What’s really sad is how good-looking some of those men would be if only they weren’t all brainwashed. I would totally date a couple of them.

  • Malvond

    I agree with Custador about Fred, Jr. Not only did he seem like an otherwise nice guy, he also seemed like perhaps the most lucid of the older bunch, at least of the ones that appeared in the film.

    I had a prolonged cringe listening to the obviously gay guy from San Francisco. It’s so painful to watch someone so ashamed of himself when he needn’t be.

    Megan’s lacy top with the black camisole underneath seemed a lot skankier than I would have thought they would allow. I’m glad that Louis told her that she seemed like she was having her cake and eating it too, because I looked through her Facebook page—I posted about this a while ago—and from her pictures, featuring her having so much fun parodying (which means listening to) Lady Gaga and posting the same generically narcissistic profile pictures as anyone else, I got the exact same impression. And it was interesting that Libby said Megan had worn bikinis, too.

    What I do think is genuine is their absolutely overwhelming, anxiety-producing fear of Hell, and this is what stirs up the pity in me.

    One of the most irritating things to me is that, for all their talk about the sin of pride, the tone they take with everyone outside their church is so incredibly hostile and condescending. And it’s even more frustrating that most of the people who become angry enough to confront them are either too emotional to have a coherent debate, or just not capable of presenting a worthy counterargument (that girl could have been either one of those). Of course, this is aside from the fact that the Phelps family is not interested in having any sort of conversation, which is why, despite the fact that watching these films is cathartic from be and despite the fact that I fully understand the need to organize counterprotests and try to argue with them, I really think they just need to be ignored. As much as possible.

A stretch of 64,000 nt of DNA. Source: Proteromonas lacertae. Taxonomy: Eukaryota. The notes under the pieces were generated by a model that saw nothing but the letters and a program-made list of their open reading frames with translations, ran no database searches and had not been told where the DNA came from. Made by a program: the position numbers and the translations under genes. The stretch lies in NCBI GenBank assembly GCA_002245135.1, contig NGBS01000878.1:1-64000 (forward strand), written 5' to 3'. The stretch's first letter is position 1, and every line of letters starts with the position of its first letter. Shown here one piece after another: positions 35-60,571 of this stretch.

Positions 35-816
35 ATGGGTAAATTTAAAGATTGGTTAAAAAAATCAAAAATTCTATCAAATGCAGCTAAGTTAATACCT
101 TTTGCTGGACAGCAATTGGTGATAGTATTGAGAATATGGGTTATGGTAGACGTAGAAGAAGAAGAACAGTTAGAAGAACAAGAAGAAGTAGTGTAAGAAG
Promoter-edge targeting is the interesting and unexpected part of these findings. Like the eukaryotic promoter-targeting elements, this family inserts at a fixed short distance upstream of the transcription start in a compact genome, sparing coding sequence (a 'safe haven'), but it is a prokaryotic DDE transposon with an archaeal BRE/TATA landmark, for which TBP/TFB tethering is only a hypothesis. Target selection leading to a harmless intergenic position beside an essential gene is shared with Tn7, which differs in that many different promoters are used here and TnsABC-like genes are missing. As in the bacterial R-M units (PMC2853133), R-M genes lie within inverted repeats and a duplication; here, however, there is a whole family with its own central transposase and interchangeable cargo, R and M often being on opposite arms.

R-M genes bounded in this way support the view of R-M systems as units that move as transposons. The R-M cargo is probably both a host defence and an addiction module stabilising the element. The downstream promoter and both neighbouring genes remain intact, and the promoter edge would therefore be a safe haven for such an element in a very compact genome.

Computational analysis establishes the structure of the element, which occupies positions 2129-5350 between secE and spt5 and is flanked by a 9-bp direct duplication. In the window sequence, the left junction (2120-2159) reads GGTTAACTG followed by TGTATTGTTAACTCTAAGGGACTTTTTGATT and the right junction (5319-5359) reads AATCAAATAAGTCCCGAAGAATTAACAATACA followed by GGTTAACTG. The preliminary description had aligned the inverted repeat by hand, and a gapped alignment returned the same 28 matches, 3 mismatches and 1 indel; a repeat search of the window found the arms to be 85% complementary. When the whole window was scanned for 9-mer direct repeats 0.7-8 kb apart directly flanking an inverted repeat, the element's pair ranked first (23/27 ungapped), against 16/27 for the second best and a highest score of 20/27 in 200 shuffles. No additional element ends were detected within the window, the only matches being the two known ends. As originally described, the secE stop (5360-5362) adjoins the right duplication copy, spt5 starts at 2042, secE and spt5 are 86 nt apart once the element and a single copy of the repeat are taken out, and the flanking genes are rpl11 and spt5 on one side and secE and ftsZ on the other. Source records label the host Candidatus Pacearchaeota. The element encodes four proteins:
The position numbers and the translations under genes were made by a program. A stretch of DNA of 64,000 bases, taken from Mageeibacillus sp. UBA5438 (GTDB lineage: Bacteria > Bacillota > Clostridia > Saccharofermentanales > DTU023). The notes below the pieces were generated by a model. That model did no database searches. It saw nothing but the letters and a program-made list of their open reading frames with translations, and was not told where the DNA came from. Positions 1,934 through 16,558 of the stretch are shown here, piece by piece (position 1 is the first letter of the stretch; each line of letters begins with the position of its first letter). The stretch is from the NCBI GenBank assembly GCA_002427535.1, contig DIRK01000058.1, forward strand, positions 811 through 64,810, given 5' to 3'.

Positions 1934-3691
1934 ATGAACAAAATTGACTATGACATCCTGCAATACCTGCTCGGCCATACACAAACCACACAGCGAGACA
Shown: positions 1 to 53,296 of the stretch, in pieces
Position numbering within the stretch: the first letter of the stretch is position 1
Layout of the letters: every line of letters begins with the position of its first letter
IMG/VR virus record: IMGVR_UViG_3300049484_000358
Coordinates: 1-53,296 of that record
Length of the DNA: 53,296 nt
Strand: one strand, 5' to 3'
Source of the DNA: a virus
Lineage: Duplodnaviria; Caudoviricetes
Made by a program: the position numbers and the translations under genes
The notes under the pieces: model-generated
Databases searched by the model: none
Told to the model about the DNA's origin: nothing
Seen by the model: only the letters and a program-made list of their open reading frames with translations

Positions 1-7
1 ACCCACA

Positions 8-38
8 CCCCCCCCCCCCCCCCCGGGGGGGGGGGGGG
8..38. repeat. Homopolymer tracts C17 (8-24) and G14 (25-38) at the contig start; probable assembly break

• Malvond

      *cathartic for me

  • Morpheus91

    What’s really scary is how similar many of the Westboro views are to what’s preached throughout the Pentecostal churches I used to visit. The Westboro folks are more extreme I guess, and certainly more actively offensive with their protests, but the core ideas of end times, sin, salvation, truth, and so on, jive perfectly with various “holiness” movements.

  • Ruthie Kelly

    This film makes me feel so sad and sympathetic to the kids. I hope they all wake up one day.

    • Ike

      They’ll need years of therapy when they do.

  • CNR

    As a former Christian, its interesting to listen to their all-encompassing use of Christian jargon and lingo. Every bit of dialog they have includes some form of inculcated phrase embedded in it. When talking about the future they always include, “If God tarries….” indicating that there will be a future unless God returns. That’s just one small example.